Opposition by President Donald Trump and Secretary of Education Betsy DeVos to the Common Core is unlikely to slow implementation of the new standards in English language arts and math in states like California, where there has been little opposition to the standards.
That is the consensus of education leaders in California from diverse regions of the state, even those in areas of the state where the majority of voters cast their ballots for Trump. One reason is that implementation of the Common Core is well underway in most parts of the state, and reversing its momentum will be difficult, if not impossible, to do.
Voters backed Trump in 26 out of 58 California counties, including Kern County, where Trump received 53 percent of the vote. Kern County Superintendent of Schools Mary Barlow said implementation of the standards in her county is fully underway and “we are seeing a lot of progress.” She noted that despite the pro-Trump sentiment there, “we have had relatively little pushback on the California state standards.”
“Employers are begging for students that have critical thinking skills, can problem solve and who are able to work in collaborative teams,” she said.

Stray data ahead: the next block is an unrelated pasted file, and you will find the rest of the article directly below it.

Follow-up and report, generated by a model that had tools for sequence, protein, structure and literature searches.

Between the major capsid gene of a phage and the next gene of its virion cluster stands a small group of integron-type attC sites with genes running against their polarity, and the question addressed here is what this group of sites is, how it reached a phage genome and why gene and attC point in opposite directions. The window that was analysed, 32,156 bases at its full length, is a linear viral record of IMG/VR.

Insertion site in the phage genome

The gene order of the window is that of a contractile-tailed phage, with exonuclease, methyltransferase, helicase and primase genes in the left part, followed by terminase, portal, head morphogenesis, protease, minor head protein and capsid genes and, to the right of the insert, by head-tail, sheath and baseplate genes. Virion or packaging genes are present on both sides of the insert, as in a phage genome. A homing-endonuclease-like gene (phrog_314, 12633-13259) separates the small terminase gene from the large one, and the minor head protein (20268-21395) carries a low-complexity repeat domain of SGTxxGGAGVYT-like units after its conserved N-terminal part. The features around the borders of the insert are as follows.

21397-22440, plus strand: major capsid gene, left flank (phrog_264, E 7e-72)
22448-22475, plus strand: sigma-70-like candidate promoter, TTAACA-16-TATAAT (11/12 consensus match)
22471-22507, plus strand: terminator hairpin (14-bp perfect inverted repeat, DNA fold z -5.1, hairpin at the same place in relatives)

She said she anticipates “some changes as we move forward, just as there have been changes with each new president and secretary of education.” But, she said, “we are fortunate to have the support of our community around educational issues for all students.”
Another reason federal opposition will have limited impact is that the debate about the Common Core has moved far beyond whether the state should implement the standards.
“The big impetus a couple of years back was, ‘We’re changing,'” said Todd Oto, superintendent of the Visalia Unified School District. “Now we are in the midst of the work. It’s not about transitioning to it, it’s about doing it. So we really don’t have a conversation about ‘should we or shouldn’t we’ (implement the standards).”
More importantly, Oto and others said, it is unlikely that Trump garnered support in their counties because of his opposition to the Common Core, but rather because other issues were far more important to voters. Oto’s district is in Tulare County, which Trump won with 53.4 percent of the vote.
Residents in Tulare County, he said, are more “focused on issues such as immigration, government reform and trust in government, not the Common Core,” and like Kern County’s Barlow, he said there is little opposition to the standards.